It's the city centre of Glasgow, so there's a fair number of people, and the usual seagulls and pigeons.
I was heading home from work.
I was feeling tired and wanting to get home mostly.
I didn't really have any memories, it felt very out of place because I couldn't really identify the species but it wasn't a usual bird I see around.
It looks like maybe its some kind of bird of prey, there are a lot of smaller birds around here it could be hunting.
I don't know how it could have died.
I wish something could be done with it, because it looks pretty, but I feel like this is one the city will collect.
Athens, Ohio, USA
I am walking down an empty street with a friend. I can hear some other birds chirping, and it's a fairly warm day in Ohio, so there are some insects flying about.
I am walking to buy wine at a Kroger with my friend.
The walk is a fair bit longer than I anticipated; I didn't wear good shoes and my feet hurt. I'm anxious to get back to my friend's place.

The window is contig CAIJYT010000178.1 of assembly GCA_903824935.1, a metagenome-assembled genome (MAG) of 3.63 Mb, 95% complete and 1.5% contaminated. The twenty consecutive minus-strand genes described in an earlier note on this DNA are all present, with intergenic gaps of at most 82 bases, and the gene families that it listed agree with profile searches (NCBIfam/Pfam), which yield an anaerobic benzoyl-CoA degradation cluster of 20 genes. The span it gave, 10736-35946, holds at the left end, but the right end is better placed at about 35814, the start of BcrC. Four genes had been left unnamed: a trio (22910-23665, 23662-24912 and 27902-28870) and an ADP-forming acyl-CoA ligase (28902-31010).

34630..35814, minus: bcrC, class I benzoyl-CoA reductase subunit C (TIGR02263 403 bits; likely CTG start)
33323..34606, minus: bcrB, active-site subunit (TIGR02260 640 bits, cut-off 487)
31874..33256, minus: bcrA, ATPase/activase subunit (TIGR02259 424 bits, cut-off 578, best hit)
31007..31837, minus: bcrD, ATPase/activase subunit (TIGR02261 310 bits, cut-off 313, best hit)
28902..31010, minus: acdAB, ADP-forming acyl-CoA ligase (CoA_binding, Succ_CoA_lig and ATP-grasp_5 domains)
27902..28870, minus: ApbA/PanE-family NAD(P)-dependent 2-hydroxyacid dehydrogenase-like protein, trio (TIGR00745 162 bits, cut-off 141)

I think it's a young crow but there are a lot of black birds that aren't crows. The beak looks similar to me, though. Crows have so many references in poetry and art. I also remember an artist's project about talking to crows - it was the first time I'd learned how social and communicative they are.
Rural Ohio has its fair share of crows.
I can't tell how it died - it's feathers are very torn up, but I don't know if that happened before or after death.
Since it's hot out, there might be more insects about to participate in the decay process. It's near enough to a town street, I wonder if it will be something the city 'takes care of,' which I think in many cases means incinerated.